The December rate hikes were good for custody banks but not so much for their customers.
For several years two of the biggest custody banks, Bank of New York Mellon and Northern Trust, had waived fees on money market funds because, otherwise, they would have been asking investors to pay the banks to hold their money.
But the banks have started putting an end to the freebies thanks to the Fed's yearend rate hike and subsequent increase in money market fund yields.
"Money market fund managers saw this as a way to get back on track and make money again," said Marty Mosby, an analyst at Vining Sparks.
Mitchell Harris, the chief executive of BNY Mellon's investment management group, said it was a broad trend.
"The [reductions] in money market fee waivers help all" of the custody banks, he said during an April 21 conference call.
BNY Mellon waived $32 million in fees in the first quarter, down 55% from a year earlier. Northern Trust curbed its lost fees by three-quarters to $7.7 million in the same period. State Street in Boston, the other big custody bank, does not have a large business in money market funds and does not break out figures on its fee waivers.
It is only going to get better for the trust banks provided the Fed eventually raises rates. Still, the rate of recovery will slow somewhat.
"The recovery is not necessarily linear," Todd Gibbons, BNY Mellon's chief financial officer, said during the conference call. "Therefore additional rate increases are not expected to be quite as impactful as the first."
When the Fed raised rates 25 basis points in December, BNY Mellon recovered half the revenue it was losing from fee waivers. That boosted fourth-quarter earnings per share by about 3.5 cents. An additional 25 basis-point rate hike would help BNY Mellon increase its recovery rate to 70%, while an additional 50 basis point rise would help BNY Mellon recoup all of them, according to an estimate by Barclays analyst Jason Goldberg.
The overall benefit could be significant at a time when all banks, especially trust banks, are struggling to find new sources of revenue and minimize the need for further cost cuts.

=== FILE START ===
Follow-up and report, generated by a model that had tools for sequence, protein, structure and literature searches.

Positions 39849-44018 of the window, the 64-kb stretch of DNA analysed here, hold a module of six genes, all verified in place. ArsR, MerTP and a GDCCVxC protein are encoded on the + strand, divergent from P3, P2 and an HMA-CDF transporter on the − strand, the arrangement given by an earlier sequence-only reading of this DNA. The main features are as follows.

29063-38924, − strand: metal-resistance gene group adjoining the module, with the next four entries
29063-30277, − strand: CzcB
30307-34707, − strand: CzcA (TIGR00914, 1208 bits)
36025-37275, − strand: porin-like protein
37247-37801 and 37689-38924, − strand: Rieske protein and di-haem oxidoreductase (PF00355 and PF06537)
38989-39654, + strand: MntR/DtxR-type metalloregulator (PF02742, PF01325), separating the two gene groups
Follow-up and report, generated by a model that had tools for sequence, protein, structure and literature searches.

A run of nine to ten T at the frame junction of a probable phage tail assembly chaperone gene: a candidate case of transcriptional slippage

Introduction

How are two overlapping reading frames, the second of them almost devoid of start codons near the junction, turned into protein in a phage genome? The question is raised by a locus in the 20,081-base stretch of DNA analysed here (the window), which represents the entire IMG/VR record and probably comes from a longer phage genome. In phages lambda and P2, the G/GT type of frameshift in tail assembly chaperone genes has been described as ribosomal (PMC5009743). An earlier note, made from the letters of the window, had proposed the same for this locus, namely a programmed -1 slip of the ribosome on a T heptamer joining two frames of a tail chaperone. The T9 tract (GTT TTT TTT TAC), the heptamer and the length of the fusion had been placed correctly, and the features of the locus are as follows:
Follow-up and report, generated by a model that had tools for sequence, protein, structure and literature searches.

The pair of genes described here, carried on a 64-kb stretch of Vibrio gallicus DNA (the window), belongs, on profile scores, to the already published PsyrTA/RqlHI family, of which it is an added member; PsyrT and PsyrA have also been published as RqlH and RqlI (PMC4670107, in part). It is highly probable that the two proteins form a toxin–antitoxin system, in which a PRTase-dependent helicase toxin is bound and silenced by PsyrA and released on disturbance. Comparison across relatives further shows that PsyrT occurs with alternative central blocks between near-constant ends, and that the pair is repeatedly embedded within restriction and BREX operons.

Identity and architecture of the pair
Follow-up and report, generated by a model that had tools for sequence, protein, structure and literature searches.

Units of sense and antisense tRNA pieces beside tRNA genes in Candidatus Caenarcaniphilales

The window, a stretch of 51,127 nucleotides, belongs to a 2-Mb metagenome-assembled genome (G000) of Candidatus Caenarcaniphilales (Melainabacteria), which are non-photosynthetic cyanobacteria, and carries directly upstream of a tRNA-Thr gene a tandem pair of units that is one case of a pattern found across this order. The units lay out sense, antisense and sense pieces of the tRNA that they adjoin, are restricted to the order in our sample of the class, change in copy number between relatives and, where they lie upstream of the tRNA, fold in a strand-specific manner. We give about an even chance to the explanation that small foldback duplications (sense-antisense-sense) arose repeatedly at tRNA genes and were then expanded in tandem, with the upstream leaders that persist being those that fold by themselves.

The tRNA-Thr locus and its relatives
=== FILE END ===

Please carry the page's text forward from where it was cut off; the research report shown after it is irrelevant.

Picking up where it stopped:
BNY Mellon's investment management group lost about $250 million in revenue in 2015 from fee waivers, and about $275 million in 2014. Another BNY Mellon unit, investment services, had to waive the same kind of fees, too, but the company does not break them out.
BNY Mellon's first-quarter profit rose 5% from a year earlier to $804 million on improved income from investments as a result of higher interest rates.
Northern Trust lost $109 million in waivers in 2015 and $130 million in 2014. Those totals include figures from both its wealth management group and its corporate and institutional services division.
Northern Trust reported first-quarter profit of $232 million, a 5% increase attributed primarily to growth in trust and investment services.
The good news for the banks is bad news for investors in money market funds. And the change comes as more individuals are putting their savings in mutual funds and exchange-traded funds that do not employ active managers, who command higher fees.
Ken Usdin, an analyst at Jefferies LLC, noted during an April 19 conference call that Northern Trust's wealth management group has grown more slowly than other divisions, such as corporate and investment services. Biff Bowman, chief financial officer at Northern Trust, responded that individual investors currently are extremely sensitive to fees.
"There's an ongoing and broad industry trend towards passive management as investors continue to face lower overall returns," Bowman said during the conference call. "And they look to control what they can control, which is namely fees."
Even so, the trust banks moved as fast as they could to start charging fees again on money market funds.
BNY Mellon and Northern Trust had been expected to recover the lost revenue more slowly, Mosby said. Executives at both banks had said it would take several Fed rate hikes for money market funds' yields to rise an adequate amount. But the banks recovered a much greater share of the lost fees during the first quarter.
"They were incentivized to make it up as soon as possible," Mosby said.